Overall, the COVID-19 HGI combined genetic data from 49,562 cases and 2 million controls across 46 distinct studies (Fig. 1). The data included studies from populations of different genetic ancestries, including European, admixed American, African, Middle Eastern, South Asian and East Asian individuals (Supplementary Table 1). An overview of the study design is provided in Extended Data Fig. 1. We performed case-control meta-analyses in three main categories of COVID-19 disease according to predefined and partially overlapping phenotypic criteria. These included (1) critically ill cases of COVID-19 defined as those individuals who required respiratory support in hospital or who died due to the disease; (2) cases of moderate or severe COVID-19 defined as those participants who were hospitalized due to symptoms associated with the infection; and (3) all cases with reported SARS-CoV-2 infection regardless of symptoms (Methods). Controls for all three analyses were selected as genetically ancestry-matched samples without known SARS-CoV-2 infection, if that information was available (Methods). The average age of the participants with COVID-19 across studies was 55 years (Supplementary Table 1). We report quantile-quantile plots in Supplementary Fig. 1 and ancestry principal component plots for contributing studies in Extended Data Fig. 2.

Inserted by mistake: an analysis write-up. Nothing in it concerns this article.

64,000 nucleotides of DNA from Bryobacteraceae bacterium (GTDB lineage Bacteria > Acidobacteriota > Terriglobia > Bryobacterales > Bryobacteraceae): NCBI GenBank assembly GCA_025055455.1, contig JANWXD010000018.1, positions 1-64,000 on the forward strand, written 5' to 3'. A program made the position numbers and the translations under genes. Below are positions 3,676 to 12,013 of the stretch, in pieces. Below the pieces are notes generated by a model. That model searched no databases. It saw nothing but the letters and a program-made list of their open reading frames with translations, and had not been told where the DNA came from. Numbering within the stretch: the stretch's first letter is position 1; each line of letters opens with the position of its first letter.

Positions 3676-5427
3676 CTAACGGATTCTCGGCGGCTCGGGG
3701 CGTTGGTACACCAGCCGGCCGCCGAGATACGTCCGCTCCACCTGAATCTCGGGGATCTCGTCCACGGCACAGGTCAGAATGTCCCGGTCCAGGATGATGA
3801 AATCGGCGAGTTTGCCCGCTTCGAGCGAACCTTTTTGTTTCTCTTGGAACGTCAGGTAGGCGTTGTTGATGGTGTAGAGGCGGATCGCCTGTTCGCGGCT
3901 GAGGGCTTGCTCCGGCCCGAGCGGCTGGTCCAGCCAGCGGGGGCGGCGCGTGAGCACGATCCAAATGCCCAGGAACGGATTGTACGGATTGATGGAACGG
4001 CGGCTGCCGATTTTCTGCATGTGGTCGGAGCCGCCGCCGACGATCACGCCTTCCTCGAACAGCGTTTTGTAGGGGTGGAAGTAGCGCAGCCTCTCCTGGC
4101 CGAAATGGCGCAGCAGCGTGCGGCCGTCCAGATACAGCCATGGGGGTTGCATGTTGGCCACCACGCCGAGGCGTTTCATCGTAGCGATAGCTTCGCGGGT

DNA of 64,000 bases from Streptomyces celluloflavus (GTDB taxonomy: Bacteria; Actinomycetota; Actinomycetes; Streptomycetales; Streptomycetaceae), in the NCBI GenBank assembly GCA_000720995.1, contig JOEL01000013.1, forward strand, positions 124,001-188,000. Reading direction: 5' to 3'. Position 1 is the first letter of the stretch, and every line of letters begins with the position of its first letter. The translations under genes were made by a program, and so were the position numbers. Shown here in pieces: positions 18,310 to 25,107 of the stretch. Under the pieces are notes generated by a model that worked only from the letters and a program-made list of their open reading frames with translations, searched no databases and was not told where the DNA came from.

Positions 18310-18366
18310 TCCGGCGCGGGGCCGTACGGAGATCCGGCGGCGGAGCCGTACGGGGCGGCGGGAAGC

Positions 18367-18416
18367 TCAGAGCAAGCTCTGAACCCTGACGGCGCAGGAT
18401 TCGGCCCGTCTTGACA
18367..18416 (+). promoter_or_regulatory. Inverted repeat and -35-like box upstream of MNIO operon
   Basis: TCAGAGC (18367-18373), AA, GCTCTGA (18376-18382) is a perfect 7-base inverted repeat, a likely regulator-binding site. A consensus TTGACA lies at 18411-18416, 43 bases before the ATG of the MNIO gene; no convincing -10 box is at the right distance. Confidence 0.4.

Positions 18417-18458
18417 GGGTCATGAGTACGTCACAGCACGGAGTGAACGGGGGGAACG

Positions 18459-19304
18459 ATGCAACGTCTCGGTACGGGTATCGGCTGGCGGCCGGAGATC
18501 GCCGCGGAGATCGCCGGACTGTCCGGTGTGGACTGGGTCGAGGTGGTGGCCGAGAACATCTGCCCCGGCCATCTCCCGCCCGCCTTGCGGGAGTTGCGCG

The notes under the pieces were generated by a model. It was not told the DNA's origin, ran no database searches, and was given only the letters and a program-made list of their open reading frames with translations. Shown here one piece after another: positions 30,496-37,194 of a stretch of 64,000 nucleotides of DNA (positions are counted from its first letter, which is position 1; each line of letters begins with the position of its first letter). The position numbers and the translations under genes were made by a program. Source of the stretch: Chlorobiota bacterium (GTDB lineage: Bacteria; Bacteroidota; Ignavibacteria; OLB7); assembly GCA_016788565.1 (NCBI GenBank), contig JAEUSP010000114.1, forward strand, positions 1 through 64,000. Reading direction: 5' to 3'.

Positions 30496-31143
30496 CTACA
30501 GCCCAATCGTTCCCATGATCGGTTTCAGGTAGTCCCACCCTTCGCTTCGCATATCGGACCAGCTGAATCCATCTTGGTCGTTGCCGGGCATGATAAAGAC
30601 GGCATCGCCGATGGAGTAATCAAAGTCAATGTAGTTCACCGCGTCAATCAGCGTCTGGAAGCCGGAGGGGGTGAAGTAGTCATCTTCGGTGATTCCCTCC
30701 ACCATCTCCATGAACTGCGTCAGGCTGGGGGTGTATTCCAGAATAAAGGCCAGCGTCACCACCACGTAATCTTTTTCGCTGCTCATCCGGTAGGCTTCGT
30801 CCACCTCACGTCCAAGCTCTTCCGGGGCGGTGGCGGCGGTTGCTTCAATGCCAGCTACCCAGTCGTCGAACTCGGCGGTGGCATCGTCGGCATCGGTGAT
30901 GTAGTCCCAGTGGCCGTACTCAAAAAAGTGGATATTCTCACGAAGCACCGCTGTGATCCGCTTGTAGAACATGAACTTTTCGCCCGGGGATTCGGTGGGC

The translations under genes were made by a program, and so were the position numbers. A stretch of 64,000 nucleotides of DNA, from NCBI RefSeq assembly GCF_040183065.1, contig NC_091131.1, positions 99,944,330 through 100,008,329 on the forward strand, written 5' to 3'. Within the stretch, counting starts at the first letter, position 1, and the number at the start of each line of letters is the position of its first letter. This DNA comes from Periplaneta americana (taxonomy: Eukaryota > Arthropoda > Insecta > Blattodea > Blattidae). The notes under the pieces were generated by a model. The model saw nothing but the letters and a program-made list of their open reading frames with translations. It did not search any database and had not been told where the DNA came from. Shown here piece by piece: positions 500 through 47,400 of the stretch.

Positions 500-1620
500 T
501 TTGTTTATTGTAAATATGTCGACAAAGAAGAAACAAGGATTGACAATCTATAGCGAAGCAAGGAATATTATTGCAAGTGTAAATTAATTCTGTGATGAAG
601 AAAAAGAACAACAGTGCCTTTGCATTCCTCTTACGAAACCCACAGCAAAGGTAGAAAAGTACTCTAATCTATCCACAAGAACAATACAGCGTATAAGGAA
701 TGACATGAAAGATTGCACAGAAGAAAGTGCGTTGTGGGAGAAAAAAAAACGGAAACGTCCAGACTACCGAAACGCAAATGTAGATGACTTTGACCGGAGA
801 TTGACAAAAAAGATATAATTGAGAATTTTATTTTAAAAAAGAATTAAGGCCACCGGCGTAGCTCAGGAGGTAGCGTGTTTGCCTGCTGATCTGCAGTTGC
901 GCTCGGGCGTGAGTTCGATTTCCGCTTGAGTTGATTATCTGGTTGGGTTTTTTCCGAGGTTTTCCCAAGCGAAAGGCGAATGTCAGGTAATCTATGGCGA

Across our three analyses, we reported a total of 13 independent genome-wide significant loci associated with COVID-19 (the threshold of P < 1.67 × 10−8 is adjusted for multiple trait testing) (Supplementary Table 2), most of which were shared between two or more COVID-19 phenotypes. Two of these loci are in very close proximity within the 3p21.31 region, which was previously reported as a single locus associated with COVID-19 severity12,13,14,15,16 (Extended Data Fig. 3). Overall, we find six genome-wide significant associations for critical illness due to COVID-19, using data from 6,179 cases and 1,483,780 controls from 16 studies (Extended Data Fig. 4). Nine genome-wide significant loci were detected for moderate to severe hospitalized COVID-19 (including five of the six critical illness loci) from an analysis of 13,641 cases of COVID-19 and 2,070,709 controls across 29 studies (Fig. 2a, top). Finally, seven loci reached genome-wide significance in the analysis using data for all available 49,562 reported cases of SARS-CoV-2 infection and 1,770,206 controls, using data from a total of 44 studies (Fig. 2a, bottom). The proportion of cases with non-European genetic ancestry for each of the three analyses was 23%, 29% and 22%. We report the results for the lead variants at the 13 loci in different ancestry-group meta-analyses in Supplementary Table 3. We note that two loci, tagged by lead variants rs1886814 and rs72711165, had higher allele frequencies in southeast Asian (rs1886814; 15%) and East Asian genetic ancestry (rs72711165; 8%) whereas the minor allele frequencies in European populations were less than 3%. This highlights the value of including data from diverse populations for genetic discovery. We discuss the replication of previous findings and the new discoveries from these three analyses in the Supplementary Note.
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